Notes on 200 Years (and More) – March 2023

by Douglas H. Parkhurst 

An Every Member Canvass, sometimes known as a Stewardship Campaign, is and has been (as in many Unitarian Universalist churches) the primary fundraising activity of the Unitarian Universalist Congregation of Danbury (UUCD). This annual effort takes place in late winter/early spring. It is timed to allow the church’s financial team and board of trustees to create a budget to present at the UUCD’s annual meeting later in the spring and for the fiscal year beginning July 1. 

In these times of quarter million dollar budgets the pledges made during the yearly canvass account for something in the neighborhood of seventy percent of the UUCD’s annual income. It can be interesting and instructive to examine church income and expenses for earlier years. Let’s take a look back at the First Universalist Society of Danbury’s proposed budget for a fiscal year during the mid-twentieth century, 1949-50. Discussion of this budget began at the December 9, 1948, meeting of the board of trustees chaired by Wallace Parkhurst. Also discussed “at length” was the church’s Fair Share amount of $225.00 requested by the Universalist Church of America for the denomination’s Unified Appeal. 

At the board meeting on January 13, 1949, a report from Clifford Taylor stated that weekly offerings were being collected at a “very high percentage rate.” During this meeting the board voted to reorganize the church’s governance with the creation of six standing committees. One of these would be Finance and Budget to be chaired by William Wood. 

There appears to have been no meeting of the church trustees in February. The next meeting was held on March 10th and lasted well over three hours. The 1949-50 budget was discussed at length as well as a possible offering to be dedicated to Fair Share. Arthur Olson advised that the Danbury Universalist Church would receive a payment of $720.00 in aid from the Connecticut Universalist Convention, a ten percent reduction from the $800.00 received the previous year. The board scheduled the church’s every member canvass for Sunday afternoon, March 27th.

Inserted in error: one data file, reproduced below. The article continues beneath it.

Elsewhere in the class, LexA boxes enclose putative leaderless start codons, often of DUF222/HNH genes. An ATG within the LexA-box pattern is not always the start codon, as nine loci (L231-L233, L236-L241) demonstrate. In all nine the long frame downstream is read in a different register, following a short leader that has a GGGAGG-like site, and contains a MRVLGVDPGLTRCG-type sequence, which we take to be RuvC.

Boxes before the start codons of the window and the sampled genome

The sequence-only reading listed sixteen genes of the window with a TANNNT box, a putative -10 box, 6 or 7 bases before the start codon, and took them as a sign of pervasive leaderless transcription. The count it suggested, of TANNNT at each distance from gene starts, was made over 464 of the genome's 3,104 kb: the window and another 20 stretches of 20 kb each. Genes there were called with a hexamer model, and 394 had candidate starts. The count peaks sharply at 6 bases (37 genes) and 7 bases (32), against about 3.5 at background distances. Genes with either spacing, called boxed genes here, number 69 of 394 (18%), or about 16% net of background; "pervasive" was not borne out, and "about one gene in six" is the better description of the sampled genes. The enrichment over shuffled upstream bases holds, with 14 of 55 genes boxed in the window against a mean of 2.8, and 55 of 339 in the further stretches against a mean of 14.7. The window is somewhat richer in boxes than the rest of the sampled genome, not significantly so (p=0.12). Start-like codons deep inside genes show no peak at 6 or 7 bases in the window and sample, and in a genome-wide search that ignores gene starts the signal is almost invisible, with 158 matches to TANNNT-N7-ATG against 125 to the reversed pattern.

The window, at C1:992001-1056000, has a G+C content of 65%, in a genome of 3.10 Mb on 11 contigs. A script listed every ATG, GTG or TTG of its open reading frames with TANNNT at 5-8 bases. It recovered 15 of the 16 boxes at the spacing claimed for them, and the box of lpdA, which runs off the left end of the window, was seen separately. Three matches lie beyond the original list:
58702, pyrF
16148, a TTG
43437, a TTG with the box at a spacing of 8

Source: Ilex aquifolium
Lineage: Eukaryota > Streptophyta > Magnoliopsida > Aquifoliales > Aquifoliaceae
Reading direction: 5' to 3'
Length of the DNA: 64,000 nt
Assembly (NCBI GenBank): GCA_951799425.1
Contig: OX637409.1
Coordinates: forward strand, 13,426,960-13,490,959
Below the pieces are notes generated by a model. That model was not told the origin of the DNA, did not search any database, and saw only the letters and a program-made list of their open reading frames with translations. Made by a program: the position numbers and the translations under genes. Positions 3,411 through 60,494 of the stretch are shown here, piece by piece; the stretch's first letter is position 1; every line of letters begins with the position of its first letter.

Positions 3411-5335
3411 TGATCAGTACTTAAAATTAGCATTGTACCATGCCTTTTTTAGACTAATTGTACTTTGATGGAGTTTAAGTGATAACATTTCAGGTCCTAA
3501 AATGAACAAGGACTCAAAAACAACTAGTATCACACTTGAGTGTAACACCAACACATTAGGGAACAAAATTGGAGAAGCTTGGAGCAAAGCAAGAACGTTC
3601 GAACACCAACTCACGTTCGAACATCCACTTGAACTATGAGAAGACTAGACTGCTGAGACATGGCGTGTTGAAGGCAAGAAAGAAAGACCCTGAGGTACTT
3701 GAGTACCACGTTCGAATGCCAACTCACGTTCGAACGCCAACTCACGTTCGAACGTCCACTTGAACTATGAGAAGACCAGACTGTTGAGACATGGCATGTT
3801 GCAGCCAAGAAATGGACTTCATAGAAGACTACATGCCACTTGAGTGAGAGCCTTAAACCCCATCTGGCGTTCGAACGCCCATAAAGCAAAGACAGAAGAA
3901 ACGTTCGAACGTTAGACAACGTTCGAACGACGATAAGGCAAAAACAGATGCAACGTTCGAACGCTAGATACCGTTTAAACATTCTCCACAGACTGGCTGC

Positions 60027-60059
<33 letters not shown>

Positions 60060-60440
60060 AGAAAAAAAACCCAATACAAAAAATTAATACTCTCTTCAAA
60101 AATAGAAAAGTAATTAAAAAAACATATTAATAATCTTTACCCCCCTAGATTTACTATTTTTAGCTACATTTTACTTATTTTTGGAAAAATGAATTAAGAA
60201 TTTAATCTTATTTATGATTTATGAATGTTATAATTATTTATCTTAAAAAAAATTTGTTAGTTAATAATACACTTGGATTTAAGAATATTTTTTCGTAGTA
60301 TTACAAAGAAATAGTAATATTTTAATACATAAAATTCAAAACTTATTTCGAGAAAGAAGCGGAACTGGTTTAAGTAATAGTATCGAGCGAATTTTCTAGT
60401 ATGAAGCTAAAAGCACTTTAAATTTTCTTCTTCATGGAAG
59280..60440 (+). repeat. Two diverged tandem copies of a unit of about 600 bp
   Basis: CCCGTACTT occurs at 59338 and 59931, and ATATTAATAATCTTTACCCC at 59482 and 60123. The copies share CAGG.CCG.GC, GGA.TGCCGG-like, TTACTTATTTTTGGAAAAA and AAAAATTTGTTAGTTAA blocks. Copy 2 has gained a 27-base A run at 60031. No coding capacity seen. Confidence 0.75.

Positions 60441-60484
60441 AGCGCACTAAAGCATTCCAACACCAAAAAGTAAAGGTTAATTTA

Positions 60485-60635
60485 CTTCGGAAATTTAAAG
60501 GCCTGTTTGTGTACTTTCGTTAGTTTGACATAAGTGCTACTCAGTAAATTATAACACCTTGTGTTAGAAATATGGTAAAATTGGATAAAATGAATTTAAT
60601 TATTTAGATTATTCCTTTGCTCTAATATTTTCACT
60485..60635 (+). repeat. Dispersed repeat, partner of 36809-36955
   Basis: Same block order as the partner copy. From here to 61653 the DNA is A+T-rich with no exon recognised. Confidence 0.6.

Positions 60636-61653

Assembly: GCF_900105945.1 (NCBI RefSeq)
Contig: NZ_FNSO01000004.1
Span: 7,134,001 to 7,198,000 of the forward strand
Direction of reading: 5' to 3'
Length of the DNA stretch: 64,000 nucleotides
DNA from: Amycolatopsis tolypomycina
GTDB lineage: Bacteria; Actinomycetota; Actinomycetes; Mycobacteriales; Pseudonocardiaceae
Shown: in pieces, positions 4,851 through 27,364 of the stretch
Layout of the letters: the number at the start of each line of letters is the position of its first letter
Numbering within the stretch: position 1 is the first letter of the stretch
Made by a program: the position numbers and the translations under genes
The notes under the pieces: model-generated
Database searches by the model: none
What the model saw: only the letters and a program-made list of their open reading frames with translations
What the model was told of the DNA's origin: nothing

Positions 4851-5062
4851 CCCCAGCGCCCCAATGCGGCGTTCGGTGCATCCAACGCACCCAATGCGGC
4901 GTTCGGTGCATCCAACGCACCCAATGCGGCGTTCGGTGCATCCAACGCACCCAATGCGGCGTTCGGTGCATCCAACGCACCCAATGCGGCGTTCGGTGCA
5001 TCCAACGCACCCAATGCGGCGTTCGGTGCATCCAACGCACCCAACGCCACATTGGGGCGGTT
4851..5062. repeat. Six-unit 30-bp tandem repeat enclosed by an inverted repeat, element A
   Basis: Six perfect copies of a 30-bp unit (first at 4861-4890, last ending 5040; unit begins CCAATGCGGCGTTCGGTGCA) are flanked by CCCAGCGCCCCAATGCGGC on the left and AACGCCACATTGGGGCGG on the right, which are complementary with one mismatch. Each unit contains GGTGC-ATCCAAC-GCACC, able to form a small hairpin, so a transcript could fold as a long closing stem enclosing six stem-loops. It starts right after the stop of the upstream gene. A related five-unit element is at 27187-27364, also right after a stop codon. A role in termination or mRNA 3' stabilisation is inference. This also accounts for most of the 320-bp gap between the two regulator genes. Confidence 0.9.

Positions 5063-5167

A letter to church members and friends was prepared announcing the upcoming canvass with details of the proposed budget.

Dear Friends: 

…The EVERY-MEMBER CANVASS will be held on March 27, 1949 in the after-noon from 2:00 – 4:00 o’clock. At that time canvassers will call upon you for your pledge for the coming year. Last year the Church took a big step forward. It steps forward again this year. It is our sincere hope to meet or balance the budget by your generous help. IT CAN BE DONE! 

Last year this Church raised approximately 43% of its budget by pledges [Note – 54% in this proposed budget]….If this Church were to receive 100 pledges of $1.00 per Sunday, IT WOULD OVER-SUBSCRIBE THE BUDGET. 

However the budget can be BALANCED if there are to be received 60 pledges of $1.00 per Sunday. If the people of our Parish could see their way to meet either of these two proposals OUR CHURCH WOULD HAVE A DEBT-FREE YEAR.

With your whole-hearted support, this can be a banner year for the Universalist Church of Danbury TO GO OVER THE TOP IN PLEDGES. 


The Finance Committee

Some explanation will be helpful regarding the above. It was reported at a board of trustees meeting in late 1947 that the church “constituency” numbered approximately 173. The board sometimes met at the church at 347 Main St., Danbury, and other times at the homes of board members. Wallace Parkhurst was this writer’s father. The Unified Appeal was the Universalist denomination’s version of today’s Annual Program Fund of the Unitarian Universalist Association. Rev. John P. Christensen succeeded Rev. Harry Adams Hersey as minister after the latter’s retirement in mid-1948. Rev. Christensen lived with his family at the church parsonage at 8 Division St., Danbury. Adelaide Grabert was continuing her long tenure as church organist and choir director. The church building was heated by a coal/coke furnace with a hot air system, which not long after was replaced by an oil burner boiler and steam heat. The Universalist Youth Fellowship (U.Y.F.) was the 1940s successor organization to the Young People’s Christian Union (Y.P.C.U.) The MMT (Meet Me There) Club was a couples group which organized church suppers, social events, and fundraisers. Several internet inflation calculators show that $4,638 in 1949 dollars would be worth approximately $56,000 today.